Objective: This study evaluated inducible protein 10 (IP-10) as a diagnostic biomarker for specific tuberculosis (TB) infection and evaluated the ability of IP-10 to distinguish between active TB and latent TB infection (LTBI). Methods: Forty-six patients with active pulmonary TB, 22 participants with LTBI, and 32 non-TB controls were enrolled separately. We measured IP-10 in serum and in supernatants from whole blood stimulated with TB-specific antigens. Results: TB antigen-dependent IP-10 secretion was significantly increased in the active TB patients and LTBI subjects compared with controls, but did not differ significantly between the active TB patients and LTBI subjects. Serum IP-10 levels were higher in active TB than in LTBI (174.9 vs. 102.7. pg/ml, p=0.002). The respective rates of positive responders of TB antigen-dependent IP-10 were 97.8%, 90.9%, and 12.5% in active TB, LTBI, and non-TB controls, respectively. For serum IP-10, 87.5%, 45.5%, and 9.5% of responders were positive in the respective groups. Conclusions: The IP-10 response to TB antigen may constitute a specific biomarker for TB infection, but does not by itself distinguish between active TB and LTBI. Serum IP-10 may enhance the diagnostic performance when used in combination with another marker.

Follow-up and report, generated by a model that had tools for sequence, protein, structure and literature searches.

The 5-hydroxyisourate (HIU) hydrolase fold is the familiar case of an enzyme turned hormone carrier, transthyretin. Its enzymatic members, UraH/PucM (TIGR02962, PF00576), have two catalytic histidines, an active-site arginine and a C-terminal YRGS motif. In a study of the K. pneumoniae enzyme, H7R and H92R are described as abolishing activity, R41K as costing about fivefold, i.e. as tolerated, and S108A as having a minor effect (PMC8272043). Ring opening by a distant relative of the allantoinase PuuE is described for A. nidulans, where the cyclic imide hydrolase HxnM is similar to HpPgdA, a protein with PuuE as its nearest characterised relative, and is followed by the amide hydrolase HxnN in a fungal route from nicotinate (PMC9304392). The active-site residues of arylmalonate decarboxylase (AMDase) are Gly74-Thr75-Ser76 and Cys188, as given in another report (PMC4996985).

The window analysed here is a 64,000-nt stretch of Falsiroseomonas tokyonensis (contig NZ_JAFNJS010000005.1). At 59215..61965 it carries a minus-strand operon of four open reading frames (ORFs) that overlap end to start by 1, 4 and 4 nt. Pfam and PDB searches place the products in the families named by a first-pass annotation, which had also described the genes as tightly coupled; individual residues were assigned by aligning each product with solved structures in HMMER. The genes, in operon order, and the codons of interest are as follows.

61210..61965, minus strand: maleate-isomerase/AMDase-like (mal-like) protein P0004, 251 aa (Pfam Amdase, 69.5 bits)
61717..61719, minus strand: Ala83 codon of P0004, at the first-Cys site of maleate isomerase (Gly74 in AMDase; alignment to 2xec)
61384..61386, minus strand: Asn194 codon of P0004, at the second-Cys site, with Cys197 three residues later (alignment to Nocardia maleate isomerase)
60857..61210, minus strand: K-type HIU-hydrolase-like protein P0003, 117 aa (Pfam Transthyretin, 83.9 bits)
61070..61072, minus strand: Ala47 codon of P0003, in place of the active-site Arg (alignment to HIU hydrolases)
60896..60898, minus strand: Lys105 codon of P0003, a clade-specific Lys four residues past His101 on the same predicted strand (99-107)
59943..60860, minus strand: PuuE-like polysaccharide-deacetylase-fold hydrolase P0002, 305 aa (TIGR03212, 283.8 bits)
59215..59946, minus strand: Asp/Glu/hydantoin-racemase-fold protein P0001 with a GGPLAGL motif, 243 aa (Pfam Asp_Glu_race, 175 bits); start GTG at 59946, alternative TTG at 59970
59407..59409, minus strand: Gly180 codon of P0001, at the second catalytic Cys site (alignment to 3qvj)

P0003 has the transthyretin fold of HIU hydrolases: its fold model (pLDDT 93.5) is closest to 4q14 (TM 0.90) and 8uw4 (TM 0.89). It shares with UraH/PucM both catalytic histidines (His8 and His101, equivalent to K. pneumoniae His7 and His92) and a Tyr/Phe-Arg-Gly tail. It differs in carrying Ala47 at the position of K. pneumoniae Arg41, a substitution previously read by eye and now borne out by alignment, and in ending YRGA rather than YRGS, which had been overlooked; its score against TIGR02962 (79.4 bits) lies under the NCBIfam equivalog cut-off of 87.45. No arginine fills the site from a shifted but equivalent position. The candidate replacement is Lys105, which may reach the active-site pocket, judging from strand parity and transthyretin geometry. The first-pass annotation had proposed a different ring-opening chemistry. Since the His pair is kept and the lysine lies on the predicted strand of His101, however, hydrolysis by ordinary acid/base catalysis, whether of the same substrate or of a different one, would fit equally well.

All Science Journal Classification (ASJC) codes
- Microbiology (medical)
- Infectious Diseases